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'Sahara' is dumb summer fun

By G. Michael Dobbs

Managing Editor

A very mixed collection of movies is in this week's DVD column.


A Matthew McConaughey movie arriving in the office is reason for celebration. I mean I think the guy is a solid actor, but I didn't fully realize the hunk status he enjoys until I saw the reactions of my staff.

Well, I'm sure that the many gaping plot holes and lapses of logic will go unnoticed by them as they will be too busy admiring the star.

(In the spirit of full disclosure, I would watch Sandra Bullock read the telephone book for two hours and consider it a fulfilling experience.)

Sahara is a very expensive Republic movie serial, updated from the 1940s with a budget that would have shocked that venerable studio. Based on a Clive Cussler book, the film stars McConaughey as Cussler's hero, Dirk Pitt (love that name). It involves Pitt's obsession with a missing Confederate ironclad vessel as well as his involvement with a ruthless African dictator and a beautiful World Health Organization doctor, played by Penelope Cruz.

Pitt's best friend is played by Steve Zahn, while William H. Macy portrays his boss.

This is dumb fun with plenty of fight scenes and explosions. If you don't expect much, you might have a good and very forgettable time.

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Memories of Murder

This Korean cop film is a fictionalized telling of real events: the first recorded serial killer in that nation.

Set in 1986, the local police are baffled by a series of murders of young women in their rural town. With very little forensic procedures available to them, their approach is to make a list of every man who had any contact with the victims and pick the mostly likely subject whom they torture into making a confession.

All of that changes when a detective from Seoul comes to help. He wants to solve this crime through science and analysis rather than brute force and guesswork. The clash of the two approaches and the tension that results from more murders creates a very good cop film that anyone who enjoys procedural crime stories would like.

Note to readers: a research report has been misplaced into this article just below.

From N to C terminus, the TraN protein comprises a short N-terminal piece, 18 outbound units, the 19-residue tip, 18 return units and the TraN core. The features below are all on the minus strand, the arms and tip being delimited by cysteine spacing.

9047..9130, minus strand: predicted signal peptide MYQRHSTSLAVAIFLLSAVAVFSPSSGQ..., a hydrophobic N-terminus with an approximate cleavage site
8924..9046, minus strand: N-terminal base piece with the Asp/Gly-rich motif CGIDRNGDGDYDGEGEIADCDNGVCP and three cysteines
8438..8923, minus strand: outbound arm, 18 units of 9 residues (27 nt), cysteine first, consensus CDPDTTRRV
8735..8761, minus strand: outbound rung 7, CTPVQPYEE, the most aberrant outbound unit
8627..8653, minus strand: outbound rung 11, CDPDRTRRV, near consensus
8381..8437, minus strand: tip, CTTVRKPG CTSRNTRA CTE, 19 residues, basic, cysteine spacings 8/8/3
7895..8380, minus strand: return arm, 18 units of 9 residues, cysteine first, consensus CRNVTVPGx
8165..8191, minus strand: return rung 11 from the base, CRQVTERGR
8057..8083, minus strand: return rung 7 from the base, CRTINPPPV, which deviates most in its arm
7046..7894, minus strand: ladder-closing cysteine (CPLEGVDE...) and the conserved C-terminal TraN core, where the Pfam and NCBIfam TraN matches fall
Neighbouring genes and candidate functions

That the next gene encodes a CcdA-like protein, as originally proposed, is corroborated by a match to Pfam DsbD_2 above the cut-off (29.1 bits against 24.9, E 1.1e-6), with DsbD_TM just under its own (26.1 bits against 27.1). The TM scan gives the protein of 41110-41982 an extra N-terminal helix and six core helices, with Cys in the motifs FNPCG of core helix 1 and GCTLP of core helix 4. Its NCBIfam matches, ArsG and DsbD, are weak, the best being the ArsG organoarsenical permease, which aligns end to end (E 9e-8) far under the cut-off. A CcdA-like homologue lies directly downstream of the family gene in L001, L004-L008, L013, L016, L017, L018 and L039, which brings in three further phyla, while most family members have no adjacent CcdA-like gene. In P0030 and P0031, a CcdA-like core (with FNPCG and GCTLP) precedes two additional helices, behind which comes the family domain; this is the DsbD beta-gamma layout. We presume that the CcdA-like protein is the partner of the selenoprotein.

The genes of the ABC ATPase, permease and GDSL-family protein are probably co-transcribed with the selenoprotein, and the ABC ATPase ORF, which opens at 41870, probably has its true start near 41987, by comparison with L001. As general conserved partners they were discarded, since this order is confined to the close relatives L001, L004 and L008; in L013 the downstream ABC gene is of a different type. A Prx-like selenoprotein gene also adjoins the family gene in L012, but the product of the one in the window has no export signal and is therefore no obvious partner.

Director Bong Joon-Ho treats the most exploitive elements of the story the violence itself, the examination of the corpses, the discussion of the crimes themselves with restraint and taste. Instead he focuses on the frustration of the officers and the lack of training and tools they need to catch this killer.

Well shot and scored, Memories of Murder is a solid must-see film from a nation that is emerging as a new center for film production.

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One of the most outrageous and inventive comedies of the 1990s is now on DVD. Alex Winter (Bill and Ted's Excellent Adventure) made his feature film directing debut with colleague Tom Stern on Freaked, a film that may not have fared well in theaters but found its audience on home video.

A fast-moving, gross-out comedy with a sharply satiric core, Freaked tells the story of Ricky Coogan (Winter), a former child actor who is hired by the evil EES Corporation (Everything Except Shoes) to go to a small South American country to act as a spokesman for a controversial fertilizer they sell.

Coogan and his friends wind up in the hands of a mad showman named Elijah Scuggs (Randy Quaid) who uses the fertilizer to mutate normal people into freaks. He turns Mr. T into a bearded lady, Bobcat Goldthwaite into a sock-head puppet and an unbilled Keanu Reeves into a dog boy.

He even changes a wrench into a hammer!

Freaked is one of those comedies that you will watch several times to catch all of the jokes.

The extras show the process that Winter and Stern used to make the film. There is a full-length cast rehearsal of the film, which has scenes and dialogue that were ultimately edited out of the film. There are deleted scenes and the script as well. Perhaps the most interesting features are the two student films the pair made at New York University.

If you enjoy offbeat sharp-edged humor then you must check out Freaked.

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Casanova's Big Night

Bob Hope developed a comic persona for film pretty early on. He was mostly the wise cracking coward who succeeded despite of himself. Woody Allen has said that Hope was his favorite comic, and it's clear once you watch a few vintage Hope films where Allen got much of his own comic voice.

Hope also used the comic device of speaking directly to the audience in his films. Subsequently it's difficult to view Hope as an actor, but rather a stand-up comic who was walking through a role.

Casanova's Big Night is no exception of the Hope formula. Hope is the guy with a quick wit and no backbone. Set in 18th century Italy, Hope plays Pipo Poplino, a tailor's apprentice who is in love with the widow across the street (Joan Fontaine).

She only has eyes for the great lover and swordsmen, Casanova (an unbilled Vincent Price) who owes money to every one in town.

Casanova skips out of town, trading Hope his clothes for Hopes horse, and Hope is mistaken for Casanova, but a couple of noblemen wishing to hire Casanova for a job of seduction. The town's merchants put Hope up to the deception to get their money back.

Hope stayed in character and seemed to take the assignment more seriously than his famous Road pictures with Bing Crosby, until the final scene.

Is it funny? There are some good moments, although younger audiences might just wonder what made Hope so popular.

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